A GP is not just for (Christmas) admission avoidance

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Is it just me or does it sometimes seem that the entire NHS system is focused on A&E and waiting times and not a lot else? As a GP I don’t get a look in. The only time it seems that GPs get mentioned is in the context of ensuring we have enough capacity to see patients to avoid them going to A&E. When do we hear about GPs being of value for what they do for their patients, rather than just as an admission avoidance service? Writing this around Christmas it currently seems even more relevant. With system Winter Plans in full flow, the focus on GPs seems to be just about how we can play our part to keeps the hoards from the Emergency Department front door. Where is the Christmas Cheer for GPs? Where is the acknowledgment of the work we are doing? If I look under the tree on Christmas Day will there be anything there for GPs?

This is not the first time I have written about General Practice, and I am sure it will not be the last. I fear that views are not changing though.

Two years ago I delivered a TEDx Talk about the value of the Generalist. You can watch it here: https://www.youtube.com/watch?v=-BfcvI49GCw. If you don’t have time to watch the 16min video, then here are the headlines:

  • Society values Specialists over Generalists.
  • Generalists themselves find themselves feeling ‘second best’.
  • Nevertheless, Generalists often possess skills of great value – ability to think outside the box, ability to connect seemingly unrelated facts, ability to make sense of complexity.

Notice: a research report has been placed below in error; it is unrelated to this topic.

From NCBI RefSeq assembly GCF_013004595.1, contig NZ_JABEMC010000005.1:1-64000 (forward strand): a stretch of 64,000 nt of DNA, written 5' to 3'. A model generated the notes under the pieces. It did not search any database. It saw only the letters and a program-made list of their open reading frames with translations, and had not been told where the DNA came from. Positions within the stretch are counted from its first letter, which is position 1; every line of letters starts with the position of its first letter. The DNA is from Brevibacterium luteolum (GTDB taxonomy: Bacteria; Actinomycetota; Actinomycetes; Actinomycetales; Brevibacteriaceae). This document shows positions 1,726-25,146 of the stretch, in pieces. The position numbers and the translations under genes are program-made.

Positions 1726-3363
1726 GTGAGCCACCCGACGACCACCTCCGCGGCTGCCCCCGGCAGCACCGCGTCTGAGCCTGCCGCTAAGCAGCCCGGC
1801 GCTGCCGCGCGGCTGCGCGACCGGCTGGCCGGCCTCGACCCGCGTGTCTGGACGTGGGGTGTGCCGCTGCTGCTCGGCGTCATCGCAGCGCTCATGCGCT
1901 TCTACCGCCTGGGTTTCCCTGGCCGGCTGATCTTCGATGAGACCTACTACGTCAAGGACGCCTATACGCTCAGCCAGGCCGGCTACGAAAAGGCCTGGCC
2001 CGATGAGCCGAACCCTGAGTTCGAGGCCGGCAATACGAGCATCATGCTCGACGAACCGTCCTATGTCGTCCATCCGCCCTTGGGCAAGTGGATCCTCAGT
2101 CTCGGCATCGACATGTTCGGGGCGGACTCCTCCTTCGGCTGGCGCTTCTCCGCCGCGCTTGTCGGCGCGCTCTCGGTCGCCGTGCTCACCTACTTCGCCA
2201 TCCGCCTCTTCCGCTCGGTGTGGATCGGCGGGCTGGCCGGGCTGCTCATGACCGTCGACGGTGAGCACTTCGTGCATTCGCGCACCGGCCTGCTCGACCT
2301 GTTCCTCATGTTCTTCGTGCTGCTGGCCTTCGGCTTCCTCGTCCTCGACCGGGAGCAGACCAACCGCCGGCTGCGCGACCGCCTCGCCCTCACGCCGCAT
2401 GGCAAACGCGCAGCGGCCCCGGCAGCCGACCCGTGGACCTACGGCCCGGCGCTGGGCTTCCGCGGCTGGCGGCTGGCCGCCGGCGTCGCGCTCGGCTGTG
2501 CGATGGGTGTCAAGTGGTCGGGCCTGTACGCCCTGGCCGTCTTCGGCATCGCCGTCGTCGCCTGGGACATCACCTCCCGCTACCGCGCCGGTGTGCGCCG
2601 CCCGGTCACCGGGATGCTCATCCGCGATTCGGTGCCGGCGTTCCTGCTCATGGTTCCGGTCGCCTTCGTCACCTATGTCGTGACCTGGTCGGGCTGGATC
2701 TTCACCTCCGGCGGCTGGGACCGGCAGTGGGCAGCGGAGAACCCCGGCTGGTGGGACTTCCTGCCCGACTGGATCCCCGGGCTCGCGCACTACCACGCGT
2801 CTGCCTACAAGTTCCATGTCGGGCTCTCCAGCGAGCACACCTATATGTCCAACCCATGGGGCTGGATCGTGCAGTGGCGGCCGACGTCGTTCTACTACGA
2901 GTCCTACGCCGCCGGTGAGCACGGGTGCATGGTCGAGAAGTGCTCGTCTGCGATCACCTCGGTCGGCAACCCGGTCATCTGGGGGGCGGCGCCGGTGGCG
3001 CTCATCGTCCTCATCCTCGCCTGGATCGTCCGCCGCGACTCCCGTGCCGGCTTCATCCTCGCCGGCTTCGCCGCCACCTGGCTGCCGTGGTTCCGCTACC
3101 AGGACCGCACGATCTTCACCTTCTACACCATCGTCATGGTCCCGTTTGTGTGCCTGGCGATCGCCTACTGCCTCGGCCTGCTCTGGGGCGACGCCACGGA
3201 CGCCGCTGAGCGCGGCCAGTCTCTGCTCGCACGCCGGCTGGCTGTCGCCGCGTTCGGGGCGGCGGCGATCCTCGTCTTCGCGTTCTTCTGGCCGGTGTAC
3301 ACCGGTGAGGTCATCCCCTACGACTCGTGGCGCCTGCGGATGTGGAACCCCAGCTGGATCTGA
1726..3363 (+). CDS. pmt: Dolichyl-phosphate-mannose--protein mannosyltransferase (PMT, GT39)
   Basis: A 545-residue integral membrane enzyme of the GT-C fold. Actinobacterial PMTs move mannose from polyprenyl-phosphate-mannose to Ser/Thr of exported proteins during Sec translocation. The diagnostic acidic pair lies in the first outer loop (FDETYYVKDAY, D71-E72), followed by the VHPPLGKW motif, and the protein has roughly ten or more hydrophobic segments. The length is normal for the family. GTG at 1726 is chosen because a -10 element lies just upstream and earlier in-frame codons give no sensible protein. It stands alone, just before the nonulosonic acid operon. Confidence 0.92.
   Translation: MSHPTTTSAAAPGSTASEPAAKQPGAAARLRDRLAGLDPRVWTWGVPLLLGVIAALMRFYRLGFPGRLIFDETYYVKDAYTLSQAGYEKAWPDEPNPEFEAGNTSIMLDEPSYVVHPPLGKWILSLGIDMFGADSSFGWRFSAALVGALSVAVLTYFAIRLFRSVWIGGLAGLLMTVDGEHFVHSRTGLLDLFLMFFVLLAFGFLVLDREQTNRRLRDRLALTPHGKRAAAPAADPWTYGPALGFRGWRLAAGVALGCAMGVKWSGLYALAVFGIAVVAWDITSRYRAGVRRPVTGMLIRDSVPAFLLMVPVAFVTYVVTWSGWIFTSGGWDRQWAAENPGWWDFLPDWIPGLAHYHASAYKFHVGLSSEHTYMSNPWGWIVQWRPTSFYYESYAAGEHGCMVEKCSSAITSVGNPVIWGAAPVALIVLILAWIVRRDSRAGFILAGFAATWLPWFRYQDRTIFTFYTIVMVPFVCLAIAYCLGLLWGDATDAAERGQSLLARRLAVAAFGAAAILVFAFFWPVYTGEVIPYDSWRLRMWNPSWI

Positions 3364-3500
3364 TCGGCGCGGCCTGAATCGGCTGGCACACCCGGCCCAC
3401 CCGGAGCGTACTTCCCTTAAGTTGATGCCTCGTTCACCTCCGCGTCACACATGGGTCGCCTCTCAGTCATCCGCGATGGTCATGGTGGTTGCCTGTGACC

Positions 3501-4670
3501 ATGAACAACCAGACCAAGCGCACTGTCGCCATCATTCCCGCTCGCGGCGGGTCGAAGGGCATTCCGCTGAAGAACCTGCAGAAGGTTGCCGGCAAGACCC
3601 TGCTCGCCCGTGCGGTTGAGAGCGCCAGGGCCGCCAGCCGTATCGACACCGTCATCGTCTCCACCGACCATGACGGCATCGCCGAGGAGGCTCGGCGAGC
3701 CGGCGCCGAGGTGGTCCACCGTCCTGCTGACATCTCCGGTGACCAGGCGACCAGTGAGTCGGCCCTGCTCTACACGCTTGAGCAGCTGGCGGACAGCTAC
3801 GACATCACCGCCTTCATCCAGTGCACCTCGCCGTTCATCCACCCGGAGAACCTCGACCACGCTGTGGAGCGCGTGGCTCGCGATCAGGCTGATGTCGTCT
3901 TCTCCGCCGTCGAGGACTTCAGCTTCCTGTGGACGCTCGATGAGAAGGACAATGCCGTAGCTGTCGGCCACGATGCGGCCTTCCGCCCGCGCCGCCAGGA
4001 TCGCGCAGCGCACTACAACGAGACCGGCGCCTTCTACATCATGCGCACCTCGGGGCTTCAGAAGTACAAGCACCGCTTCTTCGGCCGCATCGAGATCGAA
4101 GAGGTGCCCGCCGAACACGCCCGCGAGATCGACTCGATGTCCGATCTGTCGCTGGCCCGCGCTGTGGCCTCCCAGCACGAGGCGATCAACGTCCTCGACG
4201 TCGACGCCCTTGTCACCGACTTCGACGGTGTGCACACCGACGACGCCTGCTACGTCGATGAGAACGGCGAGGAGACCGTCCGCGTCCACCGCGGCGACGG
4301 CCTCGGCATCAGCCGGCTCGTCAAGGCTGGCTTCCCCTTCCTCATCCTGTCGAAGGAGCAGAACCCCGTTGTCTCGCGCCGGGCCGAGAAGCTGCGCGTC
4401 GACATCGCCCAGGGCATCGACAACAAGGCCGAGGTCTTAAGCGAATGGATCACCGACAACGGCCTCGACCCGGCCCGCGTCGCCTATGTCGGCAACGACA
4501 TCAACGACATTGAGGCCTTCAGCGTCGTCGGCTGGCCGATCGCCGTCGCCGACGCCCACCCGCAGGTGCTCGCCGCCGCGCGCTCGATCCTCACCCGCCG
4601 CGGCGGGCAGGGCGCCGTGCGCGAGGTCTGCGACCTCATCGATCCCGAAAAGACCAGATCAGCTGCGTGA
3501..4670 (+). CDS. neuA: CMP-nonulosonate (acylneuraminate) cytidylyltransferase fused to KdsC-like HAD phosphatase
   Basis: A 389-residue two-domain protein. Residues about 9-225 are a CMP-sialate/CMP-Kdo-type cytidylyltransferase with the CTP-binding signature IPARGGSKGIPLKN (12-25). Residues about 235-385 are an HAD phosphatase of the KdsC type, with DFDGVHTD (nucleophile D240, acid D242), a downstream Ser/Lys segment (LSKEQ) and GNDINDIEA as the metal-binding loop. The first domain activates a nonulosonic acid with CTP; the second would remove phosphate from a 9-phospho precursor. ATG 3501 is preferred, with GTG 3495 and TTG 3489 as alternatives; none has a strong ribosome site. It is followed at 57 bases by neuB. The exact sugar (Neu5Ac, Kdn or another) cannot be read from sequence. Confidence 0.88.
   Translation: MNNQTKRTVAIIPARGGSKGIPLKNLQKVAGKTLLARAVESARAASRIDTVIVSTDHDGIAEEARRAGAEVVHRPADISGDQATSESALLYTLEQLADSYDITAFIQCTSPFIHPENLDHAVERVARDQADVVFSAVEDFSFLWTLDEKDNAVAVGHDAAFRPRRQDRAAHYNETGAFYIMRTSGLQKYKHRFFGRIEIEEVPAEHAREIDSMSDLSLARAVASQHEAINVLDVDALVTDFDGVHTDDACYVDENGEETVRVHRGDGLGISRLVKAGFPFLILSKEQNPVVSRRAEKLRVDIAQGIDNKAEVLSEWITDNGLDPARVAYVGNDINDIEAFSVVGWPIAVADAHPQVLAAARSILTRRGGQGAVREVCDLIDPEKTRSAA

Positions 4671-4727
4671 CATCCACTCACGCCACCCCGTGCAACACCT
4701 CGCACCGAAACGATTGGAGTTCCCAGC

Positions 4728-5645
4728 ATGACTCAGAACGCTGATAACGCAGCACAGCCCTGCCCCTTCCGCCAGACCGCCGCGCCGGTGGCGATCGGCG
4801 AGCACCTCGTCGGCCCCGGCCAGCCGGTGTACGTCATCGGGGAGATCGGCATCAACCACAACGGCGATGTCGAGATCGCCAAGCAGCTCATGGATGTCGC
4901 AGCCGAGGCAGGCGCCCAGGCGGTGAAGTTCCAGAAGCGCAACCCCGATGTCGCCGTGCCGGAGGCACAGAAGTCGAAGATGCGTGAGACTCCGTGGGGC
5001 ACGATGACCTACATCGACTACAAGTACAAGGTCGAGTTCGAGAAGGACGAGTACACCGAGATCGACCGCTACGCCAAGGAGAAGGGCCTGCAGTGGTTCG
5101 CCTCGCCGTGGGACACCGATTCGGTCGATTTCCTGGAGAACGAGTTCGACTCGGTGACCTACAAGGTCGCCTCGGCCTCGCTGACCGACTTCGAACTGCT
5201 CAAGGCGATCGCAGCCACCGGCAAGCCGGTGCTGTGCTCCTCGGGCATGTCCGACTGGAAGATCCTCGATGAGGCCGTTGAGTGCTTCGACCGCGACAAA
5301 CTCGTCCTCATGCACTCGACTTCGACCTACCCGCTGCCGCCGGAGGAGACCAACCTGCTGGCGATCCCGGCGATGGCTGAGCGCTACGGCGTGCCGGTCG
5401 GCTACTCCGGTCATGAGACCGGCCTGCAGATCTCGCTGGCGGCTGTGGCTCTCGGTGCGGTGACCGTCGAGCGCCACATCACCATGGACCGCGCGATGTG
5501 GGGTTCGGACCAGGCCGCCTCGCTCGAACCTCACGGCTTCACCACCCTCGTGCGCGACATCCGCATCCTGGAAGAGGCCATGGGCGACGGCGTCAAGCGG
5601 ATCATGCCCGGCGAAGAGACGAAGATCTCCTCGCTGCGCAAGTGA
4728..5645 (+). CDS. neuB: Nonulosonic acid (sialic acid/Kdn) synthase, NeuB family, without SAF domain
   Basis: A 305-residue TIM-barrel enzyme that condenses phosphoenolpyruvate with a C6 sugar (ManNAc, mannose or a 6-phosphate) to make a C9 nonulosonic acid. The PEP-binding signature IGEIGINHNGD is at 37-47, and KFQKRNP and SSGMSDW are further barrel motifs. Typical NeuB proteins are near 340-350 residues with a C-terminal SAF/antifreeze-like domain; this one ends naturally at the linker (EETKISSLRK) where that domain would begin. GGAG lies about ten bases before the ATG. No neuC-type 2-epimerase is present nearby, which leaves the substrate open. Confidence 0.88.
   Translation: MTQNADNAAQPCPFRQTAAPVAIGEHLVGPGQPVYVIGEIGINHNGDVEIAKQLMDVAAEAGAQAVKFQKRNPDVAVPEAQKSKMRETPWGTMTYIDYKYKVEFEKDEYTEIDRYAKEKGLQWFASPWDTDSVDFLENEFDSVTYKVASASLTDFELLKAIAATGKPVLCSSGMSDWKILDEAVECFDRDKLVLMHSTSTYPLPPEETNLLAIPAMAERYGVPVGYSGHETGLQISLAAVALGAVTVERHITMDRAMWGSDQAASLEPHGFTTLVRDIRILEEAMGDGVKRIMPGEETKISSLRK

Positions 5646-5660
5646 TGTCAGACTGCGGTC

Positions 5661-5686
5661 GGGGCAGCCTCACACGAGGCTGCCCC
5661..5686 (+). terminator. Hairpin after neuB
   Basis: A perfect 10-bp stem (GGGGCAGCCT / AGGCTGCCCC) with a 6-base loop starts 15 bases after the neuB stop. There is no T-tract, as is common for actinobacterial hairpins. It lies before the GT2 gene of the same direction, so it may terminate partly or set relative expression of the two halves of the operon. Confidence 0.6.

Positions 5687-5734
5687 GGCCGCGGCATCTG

• Generalists should embrace their calling and promote this as a vocation.
  • I use a powerful patient story to make my point.

(Why don’t you go watch it now – you know you want to..)

So, why don’t GPs feel valued in the NHS? Sometimes it feels as though we are invisible, or worse still causing rather than helping with problems.

I was at our local A&E Delivery Board yesterday. NHS 111 were present to talk about their service. Repeatedly it was said that patients sometimes/often ring 111 because ‘they cannot get an appointment with their GP’. This gets taken as fact and the conversation continues to ask whether people present at A&E because they cannot get an appointment with their GP. No one stops to question whether this ‘fact’ is actually true – no one asks the GPs whether they are turning people away. I know they are not (in the vast majority of cases). I know they are offering appropriate appointments for patients and adding extras to clinics where it is clear people need to be seen that day and cannot wait. I interjected with some numbers.

The surgery I work at covers a population of about 10,000 patients. Last Tuesday morning we received 177 calls into the practice between 8am-2pm. We typically offer 600 face to face appointments with a GP each week (this does not include phone calls, nurse appointments or home visits). Let us make some assumptions and scale this up…

NHS Vale Royal CCG and NHS South Cheshire CCG form a natural health economy locally in Central Cheshire. Together they cover a population of around 275,000 patients with 29 GP practices (147 GPs total, many part time). If my practice is typical it means that across Central Cheshire GP Practices receive around 4,800 phone calls every Tuesday morning and offer about 16,500 face to face GP appointments every week.

The numbers are huge. I just don’t think people realise how much work is being done by GPs. How much care is being given, the vast majority of which is dealt with at the surgery and never seen anywhere else.